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countermarche vs. counterbalance?

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padmavyuha's picture
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Joined: 01/29/2011

I've been reading a lot in books and online about what a countermarche system does (which is what I'm used to) and what a counterbalance system does (which I've only used briefly on a 4-shaft loom). What I haven't been able to find is a good explanation of the difference(s) between using an 8-shaft countermarche and counterbalance system.

If anyone here feels like taking a stab at a simple comparison I'd be grateful - I'm buying a Berga Savonia counterbalance loom (see my other post about this) and was planning to convert it to countermarche, somehow - but I'm wondering just how much of a difference it will make, and in what weaving arenas? I get the impression that weaving unbalanced weaves is harder with a counterbalance system, but is it that much harder, or does it just require a different tie-up/treadling technique?

What's your experience, please?

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kerstinfroberg's picture
Joined: 06/08/2009
Counterbalance is possible

Counterbalance is possible for more than 4 shafts - I have seen pictures... By that you might guess my own experiences aren't very good. The more shafts you have the wobblier it gets - . At a class I was teaching they gave us an 8-sh CB intead of the 8-sh CM I had requested, and... we did get it up-and-weaving, but there were many more adjustments to make before it worked as we wanted.

Or, of course, you can use "drälltrissor" - but that requires an "opposite" tie-up. This is a picture from Lundell: Stora vävboken (also in English - Big book of weaving, I think)

Somewhere I saw a picture of a 16-sh cb tieup (with several levels of horses), but I can't find it - but it proves it can be done...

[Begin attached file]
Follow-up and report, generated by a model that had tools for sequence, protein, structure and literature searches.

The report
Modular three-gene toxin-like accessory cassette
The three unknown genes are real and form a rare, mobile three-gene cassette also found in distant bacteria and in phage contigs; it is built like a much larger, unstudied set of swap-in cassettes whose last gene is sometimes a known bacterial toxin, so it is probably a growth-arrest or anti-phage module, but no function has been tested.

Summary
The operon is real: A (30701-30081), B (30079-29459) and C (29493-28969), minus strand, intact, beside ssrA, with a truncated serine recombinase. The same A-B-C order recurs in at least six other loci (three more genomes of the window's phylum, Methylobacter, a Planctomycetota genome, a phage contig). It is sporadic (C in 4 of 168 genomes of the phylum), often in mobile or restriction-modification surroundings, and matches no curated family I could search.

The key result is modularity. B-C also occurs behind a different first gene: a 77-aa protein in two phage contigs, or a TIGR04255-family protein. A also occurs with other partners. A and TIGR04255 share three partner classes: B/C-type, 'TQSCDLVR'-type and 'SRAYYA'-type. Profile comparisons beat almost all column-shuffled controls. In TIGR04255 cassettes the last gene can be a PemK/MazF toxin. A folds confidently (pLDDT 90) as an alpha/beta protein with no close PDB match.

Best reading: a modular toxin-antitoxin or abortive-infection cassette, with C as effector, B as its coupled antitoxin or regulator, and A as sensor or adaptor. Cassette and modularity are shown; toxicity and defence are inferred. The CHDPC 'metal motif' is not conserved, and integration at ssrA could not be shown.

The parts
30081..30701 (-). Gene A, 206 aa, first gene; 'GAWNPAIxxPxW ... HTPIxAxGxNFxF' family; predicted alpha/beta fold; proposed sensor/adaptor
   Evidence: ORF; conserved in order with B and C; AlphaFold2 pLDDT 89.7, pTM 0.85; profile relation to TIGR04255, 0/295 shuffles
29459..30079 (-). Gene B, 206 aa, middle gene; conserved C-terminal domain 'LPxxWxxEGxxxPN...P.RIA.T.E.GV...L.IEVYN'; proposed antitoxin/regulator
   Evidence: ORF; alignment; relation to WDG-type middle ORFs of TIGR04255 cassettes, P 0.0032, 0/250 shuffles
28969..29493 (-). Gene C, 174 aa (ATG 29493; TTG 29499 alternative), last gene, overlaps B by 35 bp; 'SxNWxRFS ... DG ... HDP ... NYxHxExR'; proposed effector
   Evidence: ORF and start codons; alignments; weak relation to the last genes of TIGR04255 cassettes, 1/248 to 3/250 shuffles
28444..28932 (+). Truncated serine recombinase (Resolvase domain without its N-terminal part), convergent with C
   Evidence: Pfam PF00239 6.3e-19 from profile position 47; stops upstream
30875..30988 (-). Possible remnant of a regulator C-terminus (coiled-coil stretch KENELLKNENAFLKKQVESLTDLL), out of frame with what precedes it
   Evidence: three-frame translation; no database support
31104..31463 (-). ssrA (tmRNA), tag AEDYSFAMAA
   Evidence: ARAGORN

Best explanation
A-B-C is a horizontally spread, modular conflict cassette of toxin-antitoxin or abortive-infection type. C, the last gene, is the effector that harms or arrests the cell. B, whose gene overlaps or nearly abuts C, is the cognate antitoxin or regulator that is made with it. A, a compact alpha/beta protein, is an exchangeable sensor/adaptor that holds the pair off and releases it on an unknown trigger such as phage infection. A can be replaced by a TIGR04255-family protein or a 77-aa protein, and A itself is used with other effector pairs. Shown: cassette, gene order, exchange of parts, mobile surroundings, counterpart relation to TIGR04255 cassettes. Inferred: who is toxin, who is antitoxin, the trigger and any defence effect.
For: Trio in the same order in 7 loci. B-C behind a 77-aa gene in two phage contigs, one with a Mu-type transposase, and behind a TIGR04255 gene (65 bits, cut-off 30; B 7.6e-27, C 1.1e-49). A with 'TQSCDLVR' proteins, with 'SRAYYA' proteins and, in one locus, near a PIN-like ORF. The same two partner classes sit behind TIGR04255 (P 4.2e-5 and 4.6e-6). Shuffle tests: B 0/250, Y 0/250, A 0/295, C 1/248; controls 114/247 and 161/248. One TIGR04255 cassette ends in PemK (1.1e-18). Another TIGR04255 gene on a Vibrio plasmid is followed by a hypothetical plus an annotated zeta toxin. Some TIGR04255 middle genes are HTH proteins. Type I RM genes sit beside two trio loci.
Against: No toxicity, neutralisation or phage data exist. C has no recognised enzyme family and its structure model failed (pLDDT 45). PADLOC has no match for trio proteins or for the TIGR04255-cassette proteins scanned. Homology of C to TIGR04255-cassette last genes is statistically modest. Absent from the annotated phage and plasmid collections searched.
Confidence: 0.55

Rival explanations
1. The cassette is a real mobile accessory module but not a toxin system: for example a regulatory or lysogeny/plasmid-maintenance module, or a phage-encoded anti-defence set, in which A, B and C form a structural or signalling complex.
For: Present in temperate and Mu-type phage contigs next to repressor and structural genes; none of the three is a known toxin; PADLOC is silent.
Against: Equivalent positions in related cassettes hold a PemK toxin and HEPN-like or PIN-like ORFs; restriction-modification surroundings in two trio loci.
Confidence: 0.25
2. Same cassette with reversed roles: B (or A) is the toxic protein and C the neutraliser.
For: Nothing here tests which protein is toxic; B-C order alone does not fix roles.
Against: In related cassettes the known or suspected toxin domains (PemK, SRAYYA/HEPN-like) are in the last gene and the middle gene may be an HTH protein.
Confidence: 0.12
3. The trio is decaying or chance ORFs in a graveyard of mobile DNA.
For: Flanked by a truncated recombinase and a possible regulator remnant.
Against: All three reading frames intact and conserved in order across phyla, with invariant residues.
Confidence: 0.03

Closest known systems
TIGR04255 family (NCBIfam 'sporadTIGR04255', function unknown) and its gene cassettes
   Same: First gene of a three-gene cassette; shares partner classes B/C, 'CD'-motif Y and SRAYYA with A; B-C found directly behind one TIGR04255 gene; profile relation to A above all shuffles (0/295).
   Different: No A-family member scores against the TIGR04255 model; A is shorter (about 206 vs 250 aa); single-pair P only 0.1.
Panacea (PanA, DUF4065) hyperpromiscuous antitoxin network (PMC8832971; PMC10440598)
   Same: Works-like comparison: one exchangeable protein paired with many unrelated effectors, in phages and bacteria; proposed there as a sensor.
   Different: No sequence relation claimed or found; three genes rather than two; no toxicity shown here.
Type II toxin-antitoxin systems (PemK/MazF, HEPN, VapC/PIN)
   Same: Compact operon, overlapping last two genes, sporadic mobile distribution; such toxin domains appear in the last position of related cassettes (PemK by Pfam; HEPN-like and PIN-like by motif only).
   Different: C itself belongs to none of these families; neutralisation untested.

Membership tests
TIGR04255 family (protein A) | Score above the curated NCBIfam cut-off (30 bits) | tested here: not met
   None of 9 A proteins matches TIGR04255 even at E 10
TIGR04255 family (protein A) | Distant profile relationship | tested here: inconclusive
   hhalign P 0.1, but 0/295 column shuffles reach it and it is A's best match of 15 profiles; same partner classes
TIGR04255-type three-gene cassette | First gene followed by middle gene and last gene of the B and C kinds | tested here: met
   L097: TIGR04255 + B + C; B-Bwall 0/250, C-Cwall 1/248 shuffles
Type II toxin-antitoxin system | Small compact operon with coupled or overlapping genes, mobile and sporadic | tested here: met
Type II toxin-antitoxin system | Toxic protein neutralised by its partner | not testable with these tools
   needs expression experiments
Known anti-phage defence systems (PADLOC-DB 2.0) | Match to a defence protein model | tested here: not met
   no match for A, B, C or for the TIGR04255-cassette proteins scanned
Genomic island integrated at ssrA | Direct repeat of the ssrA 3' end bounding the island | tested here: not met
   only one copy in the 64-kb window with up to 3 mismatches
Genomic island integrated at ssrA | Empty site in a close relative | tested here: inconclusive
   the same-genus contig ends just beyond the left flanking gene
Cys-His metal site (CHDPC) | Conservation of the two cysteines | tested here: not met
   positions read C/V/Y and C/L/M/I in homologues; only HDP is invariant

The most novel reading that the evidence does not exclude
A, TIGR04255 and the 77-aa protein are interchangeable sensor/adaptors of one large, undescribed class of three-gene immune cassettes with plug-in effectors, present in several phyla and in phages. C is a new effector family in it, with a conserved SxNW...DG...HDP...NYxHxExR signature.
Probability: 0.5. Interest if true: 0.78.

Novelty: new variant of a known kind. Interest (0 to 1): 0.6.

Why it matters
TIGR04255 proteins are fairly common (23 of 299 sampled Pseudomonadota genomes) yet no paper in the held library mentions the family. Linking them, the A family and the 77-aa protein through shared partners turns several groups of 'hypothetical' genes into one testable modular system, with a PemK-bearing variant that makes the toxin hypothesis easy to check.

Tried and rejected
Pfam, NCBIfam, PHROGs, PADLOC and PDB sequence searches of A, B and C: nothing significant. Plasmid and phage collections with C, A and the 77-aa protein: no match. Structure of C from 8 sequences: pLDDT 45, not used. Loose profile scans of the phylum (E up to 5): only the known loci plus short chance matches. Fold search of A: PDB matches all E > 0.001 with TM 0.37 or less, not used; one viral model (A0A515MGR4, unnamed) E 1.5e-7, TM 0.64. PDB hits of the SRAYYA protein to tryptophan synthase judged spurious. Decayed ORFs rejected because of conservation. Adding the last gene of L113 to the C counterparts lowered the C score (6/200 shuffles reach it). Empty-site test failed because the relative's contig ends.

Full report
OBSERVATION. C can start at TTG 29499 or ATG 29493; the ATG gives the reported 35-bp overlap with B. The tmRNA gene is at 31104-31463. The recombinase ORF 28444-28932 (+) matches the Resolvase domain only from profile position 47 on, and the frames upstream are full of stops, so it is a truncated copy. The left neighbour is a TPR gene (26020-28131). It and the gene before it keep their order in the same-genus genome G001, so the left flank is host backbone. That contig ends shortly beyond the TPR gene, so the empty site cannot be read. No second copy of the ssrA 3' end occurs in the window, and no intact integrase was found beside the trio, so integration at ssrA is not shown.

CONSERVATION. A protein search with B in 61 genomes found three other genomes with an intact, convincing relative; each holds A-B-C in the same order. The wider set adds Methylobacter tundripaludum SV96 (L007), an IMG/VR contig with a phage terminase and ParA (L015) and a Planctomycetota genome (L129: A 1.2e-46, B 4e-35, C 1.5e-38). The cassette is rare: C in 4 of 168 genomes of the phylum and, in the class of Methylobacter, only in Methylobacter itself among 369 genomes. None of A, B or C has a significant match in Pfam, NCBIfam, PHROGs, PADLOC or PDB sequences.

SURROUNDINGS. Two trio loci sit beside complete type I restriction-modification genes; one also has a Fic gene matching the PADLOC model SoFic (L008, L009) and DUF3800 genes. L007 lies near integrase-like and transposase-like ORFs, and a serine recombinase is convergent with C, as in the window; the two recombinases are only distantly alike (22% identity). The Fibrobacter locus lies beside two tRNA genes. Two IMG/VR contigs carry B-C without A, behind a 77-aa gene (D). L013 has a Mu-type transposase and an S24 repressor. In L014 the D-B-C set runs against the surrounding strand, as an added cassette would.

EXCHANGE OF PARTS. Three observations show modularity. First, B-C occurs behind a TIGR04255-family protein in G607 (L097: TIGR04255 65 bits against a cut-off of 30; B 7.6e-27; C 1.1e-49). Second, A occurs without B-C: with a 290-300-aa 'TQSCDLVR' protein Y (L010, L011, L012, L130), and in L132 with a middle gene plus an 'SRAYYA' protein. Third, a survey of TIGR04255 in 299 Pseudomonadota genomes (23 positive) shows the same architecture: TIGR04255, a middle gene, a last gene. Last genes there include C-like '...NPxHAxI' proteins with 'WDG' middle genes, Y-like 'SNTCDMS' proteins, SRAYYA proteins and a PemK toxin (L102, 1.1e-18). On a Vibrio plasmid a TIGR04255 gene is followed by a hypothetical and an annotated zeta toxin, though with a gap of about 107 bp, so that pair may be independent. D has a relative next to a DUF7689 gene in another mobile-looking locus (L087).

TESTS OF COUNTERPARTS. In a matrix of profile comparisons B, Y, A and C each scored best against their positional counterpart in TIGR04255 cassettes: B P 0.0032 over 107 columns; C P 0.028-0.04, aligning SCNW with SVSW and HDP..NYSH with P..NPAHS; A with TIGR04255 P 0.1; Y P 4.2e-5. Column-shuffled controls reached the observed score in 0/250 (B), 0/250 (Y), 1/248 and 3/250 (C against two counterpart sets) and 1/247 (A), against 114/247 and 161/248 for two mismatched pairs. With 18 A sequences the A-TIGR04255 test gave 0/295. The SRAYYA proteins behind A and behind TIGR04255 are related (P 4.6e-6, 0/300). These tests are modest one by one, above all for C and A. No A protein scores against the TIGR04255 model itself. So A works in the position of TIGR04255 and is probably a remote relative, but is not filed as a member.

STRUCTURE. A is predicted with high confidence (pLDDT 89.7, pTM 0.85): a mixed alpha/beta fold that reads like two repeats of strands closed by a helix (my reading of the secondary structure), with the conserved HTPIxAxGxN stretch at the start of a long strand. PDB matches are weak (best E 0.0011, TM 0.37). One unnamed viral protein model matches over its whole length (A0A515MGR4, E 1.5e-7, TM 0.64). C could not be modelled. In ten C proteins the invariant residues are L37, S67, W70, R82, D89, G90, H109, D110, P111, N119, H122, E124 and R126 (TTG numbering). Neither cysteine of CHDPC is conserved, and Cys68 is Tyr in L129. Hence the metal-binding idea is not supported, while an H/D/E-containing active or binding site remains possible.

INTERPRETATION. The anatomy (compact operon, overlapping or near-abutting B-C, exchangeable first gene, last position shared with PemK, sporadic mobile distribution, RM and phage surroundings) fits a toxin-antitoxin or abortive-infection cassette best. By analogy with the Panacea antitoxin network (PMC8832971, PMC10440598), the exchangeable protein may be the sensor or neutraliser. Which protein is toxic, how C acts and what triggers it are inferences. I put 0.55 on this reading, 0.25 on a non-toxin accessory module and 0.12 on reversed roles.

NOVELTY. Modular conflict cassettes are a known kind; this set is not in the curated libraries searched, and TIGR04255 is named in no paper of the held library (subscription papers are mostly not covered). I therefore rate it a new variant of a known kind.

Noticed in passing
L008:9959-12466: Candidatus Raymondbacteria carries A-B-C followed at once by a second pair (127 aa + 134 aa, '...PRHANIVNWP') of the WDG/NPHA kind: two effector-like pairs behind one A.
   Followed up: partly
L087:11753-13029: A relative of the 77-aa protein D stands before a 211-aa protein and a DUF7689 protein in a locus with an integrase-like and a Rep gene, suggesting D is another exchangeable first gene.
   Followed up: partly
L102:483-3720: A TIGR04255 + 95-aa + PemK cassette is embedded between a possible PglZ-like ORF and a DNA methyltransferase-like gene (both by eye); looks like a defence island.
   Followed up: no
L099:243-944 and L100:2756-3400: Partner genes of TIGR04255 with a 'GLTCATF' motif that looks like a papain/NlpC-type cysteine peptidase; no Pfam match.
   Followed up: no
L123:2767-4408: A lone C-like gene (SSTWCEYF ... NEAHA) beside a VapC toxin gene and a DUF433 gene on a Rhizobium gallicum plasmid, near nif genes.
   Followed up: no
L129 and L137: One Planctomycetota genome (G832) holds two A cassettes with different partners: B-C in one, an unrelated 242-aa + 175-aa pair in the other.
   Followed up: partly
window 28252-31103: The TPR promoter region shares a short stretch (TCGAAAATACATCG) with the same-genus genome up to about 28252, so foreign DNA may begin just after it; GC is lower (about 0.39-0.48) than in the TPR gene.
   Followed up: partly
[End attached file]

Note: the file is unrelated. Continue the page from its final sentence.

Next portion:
Re "harder weaving unbalanced on cb looms" - that I had not heard until I started to hang out on 'net forums. It could be that us Swedes just don't notice, but 3/1 twill is a very common structure here, has always been.

Have fun! (And yes, Bergå went out of business some time in the '90ies, I believe)

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padmavyuha's picture
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Joined: 01/29/2011
There seems to be a company

There seems to be a company called Berga Väv but I guess that's just coincidence!

Meanwhile, I'm hoping for a photo of the countermarche castle on someone's Savonia (I found an owner online in Canada) to see if I can build one myself.

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Joanne Hall's picture
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Joined: 06/11/2009
cb and cm
Sara von Tresckow's picture
Joined: 05/29/2009
Counterbalance looms are

Counterbalance looms are responsible for the vast majority of fabric produced by mankind. "The Big Book of Weaving" has diagrams for how to set up CB looms for 2-8 shafts.

Your loom is a standard Swedish model from the 70's or 80's, and as such can be converted to countermarche with some additional woodworking, but I'd wait until you are familiar with your loom. You may decide to keep it as made.

What people don't recognize today is that countermrche looms with snitch knots in linen loom cord were difficult to maintain and used mostly in workshops of professional weavers. Weavers at home used the counterbalance models with great success. It is only with the advent of Texsolv buttonhole cord that countermarche looms became popular "for the masses". I bought my first one in 1981, and at that time there were lots of discussions about the longevity of the polyester cord and how it would work if you didn't use loom cord. Evidently it works well because there are now lots more CM looms around.